I once again caught myself thinking (as I do ) about my tone. I realized that I’ve spent a large part of my professional career focused on achieving great tone. I obsess over it, I lie awake thinking about it, indeed many of the products you’ll see in our catalogue have been inspired during periods of insomnia. So is it really that important? I could’ve just said ‘ Of course it is, don’t be stupid you plonka…get on with it’, but It’s been ingrained in me that there is no knowledge gained without thorough analysis. So i grabbed all of my favourite CD’s and started doing some investigation. I went through all the guys that really push my buttons musically. Jeff Baxter (Steely Dan), Stevie Ray, Dave Gregory(XTC), Andy Summers (Police), Niel Finn (Crowded House), Jeff Beck, Robben Ford, Robert Fripp (King Crimson), Wes Montgomery, BB King and Derek Trucks. (There’s loads more but these are the guys from the CD’s I had at hand.) I went through each track trying to work out what it was that connected with me. Each of these guys has a unique voice, there’s no confusing them, and without fail, every single one of them sound fantastic. 


So i do an experiment. I set up a rig and on purpose I make it sound ordinary. I hook up a bunch of inline buffers (6 in total) from a bunch of pedals into an amp that’s desperate for some new valves. So I know that by the time my signal hits the amp, it’s already not all it can be, and the amp’s not really singing. So how did it sound? Well, it sounded OK, I set up a rhythm loop, hit play and recorded the session to see what I come up with. Listening back, it was fine, nothing amazing but it was OK.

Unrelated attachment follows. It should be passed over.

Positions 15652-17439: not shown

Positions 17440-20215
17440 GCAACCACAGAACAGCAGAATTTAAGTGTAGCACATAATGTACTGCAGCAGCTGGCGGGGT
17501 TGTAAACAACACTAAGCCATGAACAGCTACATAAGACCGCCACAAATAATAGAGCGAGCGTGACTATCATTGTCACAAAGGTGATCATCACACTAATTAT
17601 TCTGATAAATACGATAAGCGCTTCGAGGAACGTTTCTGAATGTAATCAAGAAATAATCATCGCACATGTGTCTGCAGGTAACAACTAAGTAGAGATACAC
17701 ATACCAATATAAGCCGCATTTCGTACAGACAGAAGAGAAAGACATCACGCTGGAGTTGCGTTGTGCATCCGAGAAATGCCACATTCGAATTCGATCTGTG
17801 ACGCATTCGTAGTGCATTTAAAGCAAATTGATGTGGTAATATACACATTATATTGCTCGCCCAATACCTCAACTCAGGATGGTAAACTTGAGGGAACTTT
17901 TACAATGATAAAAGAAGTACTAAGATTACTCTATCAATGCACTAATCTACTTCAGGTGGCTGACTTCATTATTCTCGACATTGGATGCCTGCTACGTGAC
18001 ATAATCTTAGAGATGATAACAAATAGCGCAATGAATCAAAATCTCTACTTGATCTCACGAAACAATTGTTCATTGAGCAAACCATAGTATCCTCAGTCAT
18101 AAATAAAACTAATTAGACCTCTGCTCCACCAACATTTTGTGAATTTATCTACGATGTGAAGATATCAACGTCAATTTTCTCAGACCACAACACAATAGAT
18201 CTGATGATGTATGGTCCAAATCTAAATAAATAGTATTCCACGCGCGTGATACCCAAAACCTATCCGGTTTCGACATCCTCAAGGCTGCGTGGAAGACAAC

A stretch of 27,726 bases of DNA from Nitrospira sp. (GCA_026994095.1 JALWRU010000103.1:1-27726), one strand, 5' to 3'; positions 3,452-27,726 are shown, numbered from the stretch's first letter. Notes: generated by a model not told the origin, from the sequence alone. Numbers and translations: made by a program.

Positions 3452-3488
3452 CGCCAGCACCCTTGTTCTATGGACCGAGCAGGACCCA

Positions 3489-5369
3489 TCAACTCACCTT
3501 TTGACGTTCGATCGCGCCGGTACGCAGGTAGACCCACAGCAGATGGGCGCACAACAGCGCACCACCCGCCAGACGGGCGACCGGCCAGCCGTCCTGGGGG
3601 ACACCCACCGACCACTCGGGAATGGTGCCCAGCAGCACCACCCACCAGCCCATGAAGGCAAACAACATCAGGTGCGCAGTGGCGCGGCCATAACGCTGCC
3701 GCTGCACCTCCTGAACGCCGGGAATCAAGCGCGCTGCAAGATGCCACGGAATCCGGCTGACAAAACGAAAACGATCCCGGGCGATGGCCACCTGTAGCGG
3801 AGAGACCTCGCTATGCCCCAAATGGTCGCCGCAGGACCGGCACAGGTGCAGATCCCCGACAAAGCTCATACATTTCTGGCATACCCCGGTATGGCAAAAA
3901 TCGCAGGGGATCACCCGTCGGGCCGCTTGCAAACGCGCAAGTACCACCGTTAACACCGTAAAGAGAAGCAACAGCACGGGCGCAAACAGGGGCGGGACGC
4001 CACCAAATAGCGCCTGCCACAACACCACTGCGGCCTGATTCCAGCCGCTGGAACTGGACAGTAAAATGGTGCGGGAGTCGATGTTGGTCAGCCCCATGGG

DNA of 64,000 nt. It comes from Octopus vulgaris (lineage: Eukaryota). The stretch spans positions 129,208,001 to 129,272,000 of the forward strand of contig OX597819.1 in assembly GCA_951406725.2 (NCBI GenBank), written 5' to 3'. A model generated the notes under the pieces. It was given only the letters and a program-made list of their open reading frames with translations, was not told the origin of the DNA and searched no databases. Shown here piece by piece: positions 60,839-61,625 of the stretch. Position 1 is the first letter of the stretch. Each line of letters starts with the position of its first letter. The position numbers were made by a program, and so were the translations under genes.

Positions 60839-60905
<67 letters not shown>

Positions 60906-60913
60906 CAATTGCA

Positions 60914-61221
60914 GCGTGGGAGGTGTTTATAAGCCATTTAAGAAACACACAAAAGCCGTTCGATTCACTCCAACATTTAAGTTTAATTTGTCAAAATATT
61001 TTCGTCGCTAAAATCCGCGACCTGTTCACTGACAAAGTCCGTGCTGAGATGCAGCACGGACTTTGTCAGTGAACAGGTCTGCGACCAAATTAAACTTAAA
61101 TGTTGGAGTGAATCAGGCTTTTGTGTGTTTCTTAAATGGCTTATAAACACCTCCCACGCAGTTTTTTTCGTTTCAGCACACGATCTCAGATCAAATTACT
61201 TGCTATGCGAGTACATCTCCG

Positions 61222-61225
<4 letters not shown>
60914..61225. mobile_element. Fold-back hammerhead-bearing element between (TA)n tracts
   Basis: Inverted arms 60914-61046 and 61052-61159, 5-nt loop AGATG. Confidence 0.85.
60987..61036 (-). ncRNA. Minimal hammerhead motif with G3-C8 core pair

Next step was to re-valve my old Vox, set-up my pedal board and try again. I now know that my signal is clean and the amp is sounding really great. I hit record again to see what I come up with this time. It did feel different but listening back I was stunned to hear the way I played. I just seemed so much more connected with what I was doing. The richer harmonics in the sound led me to play different things. It was fascinating. The tone that you use is the vehicle through which your voice is heard. Suddenly my tonal obsessive compulsive disorder doesn’t seem so crazy. And the thing is, all these guys knew it as well. Think of the lengths that these guys go to to get their gear sounding right. Even guys like Derek Trucks who plug straight in still experiment loads with speakers and components to make sure that they’re squeezing every last drop of tone from the amp. Yes, it’s in the fingers and the way that you play, of course it is, but we’re not talking acoustic guitars here people. If the tone isn’t right, your fingers are going to struggle.